# Learning Objectives

Extend your vector3D class to handle angle representations and add new operations on vectors.

# Introduction

Previously, you created a vector class to represent 3D vectors using 4D homogeneous coordinates and provided the class with a few functions for input and output as well as overloading operators for basic vector operations. In this experiment, we will extend the class by adding representations involving angles and adding some advanced vector operations. You will then test them and apply them to a game scenario.

Specifically, we want to include the following methods in our Vector3D class:

- setRectGivenPolar - Takes the vector's heading (in degrees) and magnitude as inputs and sets the vector's private x and y components
- setRectGivenMagHeadPitch - Takes the vectors magnitude, heading (in degrees), and pitch (in degrees) as inputs and sets the vector's private x, y, and z components
- printPolar - Outputs to the screen the magnitude and angle (in degrees) of the vector in an easily readable form
- printMagHeadPitch - Outputs to the screen the magnitude, heading, and pitch of the vector in an easily readable form
- printDirection - Outputs to the screen the vector's direction angles alpha, beta, and gamma in degrees in an easily readable form
- getPitch - Returns the pitch of the vector
- getHeading - Returns the heading of the vector
- getAlpha - Returns the direction angle, alpha
- getBeta - Returns the direction angle, beta
- getGamma - Returns the direction angle, gamma

Specifically, we want to include the following operations:

- dot product of two vectors - takes in two Vector3D and returns the dot product
- angle between two vectors - takes in two Vector3D and returns the angle in between in radians

# Preparatory Thoughts

- What formulas will be needed to implement the new operations? List them.
- What cautions must be taken when dealing with user input in degrees?
- What cautions must be taken when using inverse trig functions to solve for angles?

# Laboratory Procedures

1. Extend your 3D vector class to include the methods and operations listed in the introduction.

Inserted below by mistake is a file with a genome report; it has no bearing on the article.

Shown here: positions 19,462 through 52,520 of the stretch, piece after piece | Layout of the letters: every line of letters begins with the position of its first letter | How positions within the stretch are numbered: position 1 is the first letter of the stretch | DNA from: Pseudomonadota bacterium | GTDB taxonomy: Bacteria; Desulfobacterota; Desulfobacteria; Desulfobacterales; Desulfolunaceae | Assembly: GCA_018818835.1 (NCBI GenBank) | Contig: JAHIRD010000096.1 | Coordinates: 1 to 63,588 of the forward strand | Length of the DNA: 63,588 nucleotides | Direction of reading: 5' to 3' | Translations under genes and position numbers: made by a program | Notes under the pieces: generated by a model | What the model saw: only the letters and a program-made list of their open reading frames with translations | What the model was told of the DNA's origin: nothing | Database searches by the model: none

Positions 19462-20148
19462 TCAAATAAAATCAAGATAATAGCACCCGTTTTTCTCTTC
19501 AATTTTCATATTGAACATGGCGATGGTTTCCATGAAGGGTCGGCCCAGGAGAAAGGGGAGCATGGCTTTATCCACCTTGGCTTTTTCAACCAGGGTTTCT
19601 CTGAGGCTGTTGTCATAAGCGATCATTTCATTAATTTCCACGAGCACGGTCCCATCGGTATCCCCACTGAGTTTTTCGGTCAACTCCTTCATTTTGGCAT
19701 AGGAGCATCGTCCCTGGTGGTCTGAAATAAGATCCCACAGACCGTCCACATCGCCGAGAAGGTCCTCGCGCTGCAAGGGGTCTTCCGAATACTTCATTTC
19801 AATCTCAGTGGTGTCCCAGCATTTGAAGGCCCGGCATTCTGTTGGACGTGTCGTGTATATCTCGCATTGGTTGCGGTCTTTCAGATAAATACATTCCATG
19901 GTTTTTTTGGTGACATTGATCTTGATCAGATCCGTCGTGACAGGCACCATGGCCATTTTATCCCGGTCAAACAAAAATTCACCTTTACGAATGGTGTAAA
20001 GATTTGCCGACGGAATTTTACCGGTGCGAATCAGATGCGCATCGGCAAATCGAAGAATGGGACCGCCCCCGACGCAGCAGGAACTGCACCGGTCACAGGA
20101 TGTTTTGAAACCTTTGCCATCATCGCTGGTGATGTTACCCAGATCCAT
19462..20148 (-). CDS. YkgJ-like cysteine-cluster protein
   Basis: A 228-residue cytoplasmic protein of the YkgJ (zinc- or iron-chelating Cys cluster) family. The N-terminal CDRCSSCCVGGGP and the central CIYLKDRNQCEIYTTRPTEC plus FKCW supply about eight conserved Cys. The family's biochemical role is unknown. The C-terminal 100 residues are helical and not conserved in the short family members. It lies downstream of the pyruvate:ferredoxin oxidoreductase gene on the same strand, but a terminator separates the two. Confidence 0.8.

2. In a 3D space race game, there are speed boost gates along the way. Each gate is a rectangle with some given normal vector. The more the ship is aligned with the gate when it passes through the more speed boost the ship is given. That is to say, the more the velocity vector of the ship agrees with the normal of the gate the more the boost the ship receives. Specifically, the new velocity of the space ship will be the same direction as the old velocity, but with magnitude equal to the dot product of the old velocity and the normal vector of the gate. Create a program that will test your new methods and operations as well as compute the new velocity of a space ship after it passes through such a speed boost gate by writing code to do the following.

- asks the user to enter the magnitude, heading, and pitch of the space ship's velocity
- asks the user to enter the x, y, and z components of the speed boost gate's normal vector
- report the x, y, and z components of the space ship's velocity
- report the magnitude, heading, and pitch of the speed boost gate's normal vector
- reports the dot product of the two vectors
- report the angle between the two vectors in degrees
- reports the space ship's new velocity vector in Cartesian form
- reports the space ship's new velocity vector in MHP form
- reports the direction angles of the space ship's new velocity vector

# Postlab Questions

- Give an example of two unequal vectors that would have the same direction angles.
- Explain what would need to be done to adjust the amount of speed boost a gate imparts on a ship.